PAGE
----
an instruction one can execute in the ICM-shell interactively or from an ICM script file. Typically a command consists of a verb (like read or delete ) and a bunch of arguments.

The word order in the argument list is not important, if arguments have different types. For example:

 display a_//ca,c,n yellow # is as good as ...  
 display yellow a_//ca,c,n # ... inverse  

If two or more argument of the same type are present the order becomes important, e.g.

  • if two or more arguments are of the same type, e.g. write "This line" "filename" or superimpose as_select1 as_select2 ,
  • a complex argument consists of two parts: e.g. delete label i_number or grid["x"] in the plot command. In the latter case if the "x" string is not preceded by grid word, it will not be considered.

Redefining global preferences and parameters temporarily for one command.

Sometimes you want to run a command with different values of global preference and global shell variables of the following type: integer, real, string and logical . Their values will be automatically restored after the completion of the command. E.g.

show surface area surfaceAccuracy=10 vwExpand=1.4
show energy electroMethod = "Coulomb"


a residue comparison matrix used by the alignment algorithms. The matrix is loaded automatically together with other library files from the icm.cmp file and can be reloaded later (if you need another matrix) using the read comp_matrix command.
The current matrix can be shown. All elements are properly reordered and multiplied by a factor such that the sum of occurrence-weighted diagonal elements (identities) of the matrix is 1.0 and stored in this form. You can increase all the values in the matrix (a useful operation for low sequence identities) with the set comp_matrix command which has similar effect to reduction of the gapOpen parameter.
The set comp_matrix command also allows one to modify weight for specific residue pairs (e.g. set comp_matrix 4. "CC"). Two matrices are recommended: the blosum50 with penalties 2.0/0.15 and the Gonnet matrix (the default) with penalties 2.4/0.15. A number of matrices are provided. You can use your own data file too.
Normalized matrices with diagonal elements equal to 1. Most of the matrices efficient for sequence alignment have different Cii weights. For example, two aligned tryptophanes will get better score than two aligned alanines. The Cij values can also be normalized as follows:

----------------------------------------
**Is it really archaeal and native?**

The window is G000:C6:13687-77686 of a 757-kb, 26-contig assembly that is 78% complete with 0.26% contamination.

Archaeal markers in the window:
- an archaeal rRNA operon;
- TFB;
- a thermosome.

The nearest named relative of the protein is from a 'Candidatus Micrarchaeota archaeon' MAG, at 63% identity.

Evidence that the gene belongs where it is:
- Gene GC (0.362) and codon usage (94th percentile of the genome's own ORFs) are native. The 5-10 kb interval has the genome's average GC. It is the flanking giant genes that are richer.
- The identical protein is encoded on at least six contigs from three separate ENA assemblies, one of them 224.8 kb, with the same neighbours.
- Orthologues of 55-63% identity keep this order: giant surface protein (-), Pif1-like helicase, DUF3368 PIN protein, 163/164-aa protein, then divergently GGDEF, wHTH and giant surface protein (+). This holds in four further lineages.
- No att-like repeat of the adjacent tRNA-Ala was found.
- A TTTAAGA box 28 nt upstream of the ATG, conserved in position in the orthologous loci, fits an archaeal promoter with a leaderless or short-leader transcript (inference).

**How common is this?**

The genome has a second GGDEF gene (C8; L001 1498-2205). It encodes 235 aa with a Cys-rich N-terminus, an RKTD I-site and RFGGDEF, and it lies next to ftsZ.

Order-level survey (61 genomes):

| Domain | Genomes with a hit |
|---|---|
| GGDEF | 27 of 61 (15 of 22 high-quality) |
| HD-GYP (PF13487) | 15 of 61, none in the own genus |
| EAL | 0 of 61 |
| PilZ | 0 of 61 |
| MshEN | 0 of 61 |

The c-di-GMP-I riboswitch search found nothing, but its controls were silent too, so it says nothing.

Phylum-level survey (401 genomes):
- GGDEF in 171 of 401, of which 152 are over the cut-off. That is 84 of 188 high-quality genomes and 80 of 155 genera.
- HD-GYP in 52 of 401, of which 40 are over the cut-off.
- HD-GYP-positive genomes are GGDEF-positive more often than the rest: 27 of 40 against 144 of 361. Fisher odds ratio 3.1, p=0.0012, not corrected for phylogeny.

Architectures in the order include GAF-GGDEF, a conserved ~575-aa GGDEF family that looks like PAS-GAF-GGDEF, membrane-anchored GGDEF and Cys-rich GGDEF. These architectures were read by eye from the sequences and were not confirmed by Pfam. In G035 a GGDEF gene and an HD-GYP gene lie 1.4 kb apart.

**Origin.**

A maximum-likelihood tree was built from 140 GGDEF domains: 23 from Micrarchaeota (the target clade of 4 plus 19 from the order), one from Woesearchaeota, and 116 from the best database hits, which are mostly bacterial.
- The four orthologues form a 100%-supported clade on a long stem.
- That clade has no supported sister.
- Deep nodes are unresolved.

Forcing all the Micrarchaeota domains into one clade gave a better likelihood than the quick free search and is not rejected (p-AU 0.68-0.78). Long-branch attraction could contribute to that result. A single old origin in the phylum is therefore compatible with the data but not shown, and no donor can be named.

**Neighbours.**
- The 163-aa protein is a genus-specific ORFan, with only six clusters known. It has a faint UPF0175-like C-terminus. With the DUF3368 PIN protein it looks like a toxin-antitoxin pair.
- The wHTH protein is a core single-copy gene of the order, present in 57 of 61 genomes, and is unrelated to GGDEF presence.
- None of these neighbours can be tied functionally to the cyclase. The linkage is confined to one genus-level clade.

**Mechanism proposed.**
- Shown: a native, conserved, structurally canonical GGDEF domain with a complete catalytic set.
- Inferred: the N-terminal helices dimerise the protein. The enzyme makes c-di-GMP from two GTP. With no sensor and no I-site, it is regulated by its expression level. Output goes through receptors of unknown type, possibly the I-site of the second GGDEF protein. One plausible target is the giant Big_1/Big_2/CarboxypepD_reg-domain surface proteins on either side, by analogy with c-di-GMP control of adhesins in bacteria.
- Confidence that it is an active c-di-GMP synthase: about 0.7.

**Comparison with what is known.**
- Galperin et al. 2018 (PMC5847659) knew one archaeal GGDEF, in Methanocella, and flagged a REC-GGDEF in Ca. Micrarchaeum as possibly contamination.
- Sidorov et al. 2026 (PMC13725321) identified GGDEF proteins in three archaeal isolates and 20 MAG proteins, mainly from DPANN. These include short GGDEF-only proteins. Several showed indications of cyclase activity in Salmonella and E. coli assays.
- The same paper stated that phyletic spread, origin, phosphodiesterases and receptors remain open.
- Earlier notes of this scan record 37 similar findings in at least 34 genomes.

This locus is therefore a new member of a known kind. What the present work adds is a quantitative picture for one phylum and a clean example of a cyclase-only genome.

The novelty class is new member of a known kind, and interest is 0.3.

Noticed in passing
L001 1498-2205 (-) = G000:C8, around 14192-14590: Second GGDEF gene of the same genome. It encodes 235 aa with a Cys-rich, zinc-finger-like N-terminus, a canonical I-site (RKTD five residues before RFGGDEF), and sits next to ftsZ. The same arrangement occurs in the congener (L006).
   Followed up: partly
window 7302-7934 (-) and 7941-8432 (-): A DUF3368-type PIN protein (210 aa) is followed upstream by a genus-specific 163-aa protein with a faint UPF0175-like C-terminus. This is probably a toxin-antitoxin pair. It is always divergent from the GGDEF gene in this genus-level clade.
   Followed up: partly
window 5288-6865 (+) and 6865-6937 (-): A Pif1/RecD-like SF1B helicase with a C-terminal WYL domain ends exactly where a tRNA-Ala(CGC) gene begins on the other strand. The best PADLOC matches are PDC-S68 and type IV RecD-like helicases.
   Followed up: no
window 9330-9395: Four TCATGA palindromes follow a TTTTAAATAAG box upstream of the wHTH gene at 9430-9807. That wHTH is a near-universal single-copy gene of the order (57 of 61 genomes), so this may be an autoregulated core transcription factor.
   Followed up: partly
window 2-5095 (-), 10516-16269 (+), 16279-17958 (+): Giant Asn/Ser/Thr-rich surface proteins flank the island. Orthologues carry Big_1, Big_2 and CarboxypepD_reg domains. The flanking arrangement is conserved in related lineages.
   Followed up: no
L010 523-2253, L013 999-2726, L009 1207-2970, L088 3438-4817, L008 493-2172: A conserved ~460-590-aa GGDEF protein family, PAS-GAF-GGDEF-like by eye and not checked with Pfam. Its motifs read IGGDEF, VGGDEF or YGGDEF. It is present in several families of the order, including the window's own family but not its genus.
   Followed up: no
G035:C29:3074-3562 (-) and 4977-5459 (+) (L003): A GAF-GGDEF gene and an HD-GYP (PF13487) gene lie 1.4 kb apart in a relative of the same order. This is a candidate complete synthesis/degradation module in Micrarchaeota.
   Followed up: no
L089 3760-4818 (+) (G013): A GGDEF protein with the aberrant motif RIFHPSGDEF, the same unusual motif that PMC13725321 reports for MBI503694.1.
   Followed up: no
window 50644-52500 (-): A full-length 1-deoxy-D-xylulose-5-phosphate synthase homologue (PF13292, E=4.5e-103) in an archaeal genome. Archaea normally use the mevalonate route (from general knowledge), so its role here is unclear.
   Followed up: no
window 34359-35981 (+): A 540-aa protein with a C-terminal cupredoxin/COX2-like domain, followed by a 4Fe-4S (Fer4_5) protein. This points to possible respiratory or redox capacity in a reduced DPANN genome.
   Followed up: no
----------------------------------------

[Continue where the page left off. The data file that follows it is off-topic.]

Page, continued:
Cij_norm = Cij/Sqrt(Cii*Cjj) 
This normalization is used in the Score () and Rarray () functions calculating conservation values for each position in an alignment.

See also:

  • Index( compare)


a conformation (actually a set of variables determining the conformation) stored in an ICM stack . You can add a conformation to the conformational stack or load a conformation from the stack.

Individual properties, such as energies, number of visits and the total numbers of visits can be re-set with the set stack command.

% icm 
 build string "ala his trp"   
 show stack 
 iconf>       1       2       3       4       5       6       7 
 ener>    -15.1   -14.6   -14.6   -14.2   -13.9   -11.4    -1.7 
 rmsd>      0.3    39.2    48.0    44.1    27.4    56.6    39.3 
 naft>        1       0       0       1       1       1       0 
 nvis>        4       1       1       4       4       4       1 
 print Nof(conf) 
 print Iarray(stack)  # returns {4 1 1 4 4 4 1} 
 t = Table(stack)     # more conf parameters 
 for i=1,Nof(conf) 
   load conf i 
   pause  # hit return 

The stack can also be stored in the object it is associated with. It enables multiple object sessions, each object with its own stack, and ability to save the object with multiple conformations to a file. To store the stack in the object use the store conf a_ command.


abbreviation of "Corey-Pauling-Koltun" who introduced space-filling solid models of atoms. In ICM graphics it means solid representation of van der Waals spheres. Spheres are drawn at van der Waals radii. See also: display

If cpk and xstick are displayed simultaneously the cpk sphere becomes transparent. Undisplay xstick to make the spk solid again.

The spheres sliced by a clipping plane can be displayed in several ways, see GRAPHICS.cpkClipCaps .